Lessons from The Big Lebowski
We can’t get enough of a beloved scene in the cult classic movie, The Big Lebowski. You know the one. John Goodman as Walter, and his friend (Jeff Bridges) “The Dude,” scatter the ashes of his bowling teammate, Donny, returning his “mortal remains to the bosom of the Pacific Ocean.” The pair use a Folgers Coffee can for the ashes after discovering the high cost of an urn provided by the funeral home.
Fans of the Coen brothers’ movie, sometimes called “Achievers,” have created a market for coffee can urns like the one used in the film. Ohio urn company Memento created some as a charity auction and demand has continued to be sufficient for them to continue to create them as long as they can source the materials to make it possible.
The company says the prop used a mid-1990s red Folgers can topped with a mismatched blue lid from Maxwell coffee. Memento offers a how-to guide if you want to purchase the can and lid and create your own coffee can urn from the parts from a site like eBay or Etsy. Memento has also created a bowling ball base or urn as well. If you don’t require an exact replica, Seattle’s gag gift company Archie McPhee’s will sell you a “Modest Urn” for $9.50.
If you are curious about the whereabouts of the scattering scene, film buffs say it was just outside Point Fermin Park, in an area called the “Sunken City” in San Pedro, California. Sunken City is so named because a landslide pushed several houses into the Pacific Ocean in 1929. The park is the southern most point in Los Angeles and offers views of the Catalina Islands, though the cliffs themselves are covered in graffiti and beyond “no trespassing” signs and some fencing, according to bloggers.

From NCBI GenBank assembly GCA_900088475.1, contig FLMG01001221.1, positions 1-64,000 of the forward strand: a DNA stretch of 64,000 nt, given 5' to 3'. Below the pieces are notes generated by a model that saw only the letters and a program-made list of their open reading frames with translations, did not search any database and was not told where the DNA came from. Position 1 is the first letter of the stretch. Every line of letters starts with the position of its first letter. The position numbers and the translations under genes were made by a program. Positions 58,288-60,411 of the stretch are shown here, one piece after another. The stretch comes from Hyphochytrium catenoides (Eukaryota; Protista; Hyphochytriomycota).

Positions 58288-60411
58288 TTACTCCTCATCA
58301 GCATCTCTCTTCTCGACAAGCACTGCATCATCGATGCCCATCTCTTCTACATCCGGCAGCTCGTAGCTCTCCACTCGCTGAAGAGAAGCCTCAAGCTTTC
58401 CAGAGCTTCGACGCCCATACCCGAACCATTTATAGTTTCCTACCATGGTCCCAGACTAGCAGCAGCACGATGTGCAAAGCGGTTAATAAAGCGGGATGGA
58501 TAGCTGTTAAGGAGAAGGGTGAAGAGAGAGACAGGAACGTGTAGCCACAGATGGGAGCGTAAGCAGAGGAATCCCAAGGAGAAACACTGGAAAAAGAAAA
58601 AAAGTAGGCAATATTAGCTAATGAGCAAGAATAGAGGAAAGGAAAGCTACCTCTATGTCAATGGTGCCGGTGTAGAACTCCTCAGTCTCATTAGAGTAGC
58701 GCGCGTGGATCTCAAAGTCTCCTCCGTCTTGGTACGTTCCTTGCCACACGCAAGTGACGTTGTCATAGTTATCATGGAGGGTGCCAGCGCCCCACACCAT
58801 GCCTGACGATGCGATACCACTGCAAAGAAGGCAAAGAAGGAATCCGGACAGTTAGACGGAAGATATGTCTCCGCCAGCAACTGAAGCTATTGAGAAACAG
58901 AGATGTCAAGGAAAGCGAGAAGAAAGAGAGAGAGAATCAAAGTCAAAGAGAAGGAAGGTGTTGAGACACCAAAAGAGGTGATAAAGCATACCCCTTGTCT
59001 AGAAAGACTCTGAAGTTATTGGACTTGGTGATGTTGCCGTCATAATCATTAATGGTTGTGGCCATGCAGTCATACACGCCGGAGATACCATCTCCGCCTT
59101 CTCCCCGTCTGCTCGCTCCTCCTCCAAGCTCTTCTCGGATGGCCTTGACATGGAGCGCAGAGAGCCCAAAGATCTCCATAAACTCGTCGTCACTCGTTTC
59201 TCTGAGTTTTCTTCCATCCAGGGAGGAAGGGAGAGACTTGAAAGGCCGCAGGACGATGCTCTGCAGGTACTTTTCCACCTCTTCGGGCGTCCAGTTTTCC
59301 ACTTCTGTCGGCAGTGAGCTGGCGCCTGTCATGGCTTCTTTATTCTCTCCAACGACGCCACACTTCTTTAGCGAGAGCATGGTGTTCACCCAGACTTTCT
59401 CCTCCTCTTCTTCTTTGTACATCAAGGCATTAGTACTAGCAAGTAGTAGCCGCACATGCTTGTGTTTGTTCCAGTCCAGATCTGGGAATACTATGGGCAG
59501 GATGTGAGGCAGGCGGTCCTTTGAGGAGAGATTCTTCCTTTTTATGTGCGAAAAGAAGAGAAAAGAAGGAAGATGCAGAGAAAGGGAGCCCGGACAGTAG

Despite the humor inherent to the scene, Gail Rubin (“The Doyenne of Death”) of “A Good Goodbye” says there are some lessons from the film. For example, you do not need to buy an urn from a funeral home. That’s one of the many provisions of the FTC’s Funeral Rule. Additionally, when you scatter, don’t stand downwind. Rubin says a boat is a better place to scatter into the water than from than a bluff. And Rubin says to remember that a eulogy should be about the person who died, not the person giving the eulogy.
But in the end, despite the comedy, there’s a sweet authenticity to Walter’s eulogy for Donny that you don’t have to be a Dudeist priest to appreciate.
“And so, Theodore Donald Karabotsos, in accordance with what we think your dying wishes might well have been, we commit your final mortal remains to the bosom of the Pacific Ocean, which you loved so well. Good night, sweet prince.”
If you are seeking a similar send-off for your loved one, check the California laws before emptying your coffee can urn in the wind above the Pacific Ocean.